Monday, August 15, 2011

Life without Warning: Monet vs. Courbet

Today, as I drove home from a crazy IKEA visit with all 3 kids in the sub ... I looked ahead on Hwy. 50 and could see nothing but grey just before we drove through one of the worst rain storms in my life ... little visibility, cars pulling over and slowing down everywhere, water covering the road & my windshield, not to mention the music we had playing in the car along with the 3 additional voices of commentary in accompaniment ... sensory overload to say the least. But soon, as would happen in most cases, the CD was turned off, the kids were told to be quiet and tunnel vision was acquired in order to navigate.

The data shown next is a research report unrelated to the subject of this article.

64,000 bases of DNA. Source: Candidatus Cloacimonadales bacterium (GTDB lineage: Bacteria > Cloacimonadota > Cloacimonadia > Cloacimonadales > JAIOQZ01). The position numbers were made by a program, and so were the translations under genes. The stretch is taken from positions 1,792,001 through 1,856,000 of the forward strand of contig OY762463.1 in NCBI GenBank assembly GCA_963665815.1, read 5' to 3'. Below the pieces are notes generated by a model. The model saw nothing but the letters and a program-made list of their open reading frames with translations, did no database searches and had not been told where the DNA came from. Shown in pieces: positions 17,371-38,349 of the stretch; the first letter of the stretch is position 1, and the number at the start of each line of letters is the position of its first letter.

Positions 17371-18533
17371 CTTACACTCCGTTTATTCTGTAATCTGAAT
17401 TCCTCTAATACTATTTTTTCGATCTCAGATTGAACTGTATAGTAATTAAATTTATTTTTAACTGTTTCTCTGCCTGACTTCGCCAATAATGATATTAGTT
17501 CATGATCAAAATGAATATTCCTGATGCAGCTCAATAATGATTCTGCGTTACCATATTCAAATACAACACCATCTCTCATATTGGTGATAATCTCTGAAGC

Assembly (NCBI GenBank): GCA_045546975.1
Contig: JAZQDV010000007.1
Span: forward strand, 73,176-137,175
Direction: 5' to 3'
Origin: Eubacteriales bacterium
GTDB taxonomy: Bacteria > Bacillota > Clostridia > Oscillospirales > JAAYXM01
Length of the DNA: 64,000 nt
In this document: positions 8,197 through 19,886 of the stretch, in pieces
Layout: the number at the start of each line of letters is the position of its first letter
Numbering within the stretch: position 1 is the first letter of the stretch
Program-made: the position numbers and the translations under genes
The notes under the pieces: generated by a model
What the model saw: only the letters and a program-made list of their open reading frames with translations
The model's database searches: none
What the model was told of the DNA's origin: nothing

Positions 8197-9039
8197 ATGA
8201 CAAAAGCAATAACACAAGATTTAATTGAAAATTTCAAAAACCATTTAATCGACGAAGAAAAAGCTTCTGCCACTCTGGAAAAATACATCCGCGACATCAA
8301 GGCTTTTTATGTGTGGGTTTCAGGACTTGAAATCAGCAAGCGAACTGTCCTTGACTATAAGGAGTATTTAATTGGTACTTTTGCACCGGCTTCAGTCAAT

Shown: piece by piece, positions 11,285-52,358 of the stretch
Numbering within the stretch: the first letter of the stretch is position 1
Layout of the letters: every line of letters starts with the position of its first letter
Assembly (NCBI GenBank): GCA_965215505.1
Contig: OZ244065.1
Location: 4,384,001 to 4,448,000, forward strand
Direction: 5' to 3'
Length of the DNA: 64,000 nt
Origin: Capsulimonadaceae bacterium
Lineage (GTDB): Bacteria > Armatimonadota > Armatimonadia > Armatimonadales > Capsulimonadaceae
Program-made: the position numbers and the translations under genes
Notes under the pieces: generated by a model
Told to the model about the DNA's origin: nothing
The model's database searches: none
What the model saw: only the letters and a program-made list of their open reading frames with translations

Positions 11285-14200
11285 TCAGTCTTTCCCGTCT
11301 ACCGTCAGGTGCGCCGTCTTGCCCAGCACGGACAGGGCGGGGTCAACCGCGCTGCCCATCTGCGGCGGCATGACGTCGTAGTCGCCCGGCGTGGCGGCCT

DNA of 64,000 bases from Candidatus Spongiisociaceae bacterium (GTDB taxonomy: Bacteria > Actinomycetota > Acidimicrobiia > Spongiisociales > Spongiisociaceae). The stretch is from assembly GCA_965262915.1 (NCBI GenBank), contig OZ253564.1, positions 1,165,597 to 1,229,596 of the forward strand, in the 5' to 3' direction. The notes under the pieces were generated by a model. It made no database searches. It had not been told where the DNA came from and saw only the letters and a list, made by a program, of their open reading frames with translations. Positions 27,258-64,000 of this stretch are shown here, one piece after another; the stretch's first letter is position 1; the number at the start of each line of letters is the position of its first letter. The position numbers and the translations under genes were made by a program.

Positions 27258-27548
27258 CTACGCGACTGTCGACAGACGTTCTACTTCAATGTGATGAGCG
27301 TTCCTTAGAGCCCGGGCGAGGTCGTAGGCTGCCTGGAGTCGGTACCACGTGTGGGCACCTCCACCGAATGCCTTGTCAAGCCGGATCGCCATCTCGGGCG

After about a good 5 or so minutes of pummeling rain, we came through it onto drier road, little rain and brighter skies. The CD was turned back on and my mono-focus subsided into multi-task mode once again. (At this point I'm thinking there are probably many lessons that could be gleaned from this & I'm wondering where you all would go with it; however, ...)

... as we rounded a large turn, as some of you know how the Maryland landscape leads 'round large hills, I briefly faced the line of cars in the opposite lane ... for a moment I thought about where they were going ... towards the grey wall, towards sheets of thick rain ... I thought about whether I might tell them to stop or pull over (if I had that ability), or warn them, at the very least, about what was ahead. Then, the life analogy that materialized for me regarded ... my kids.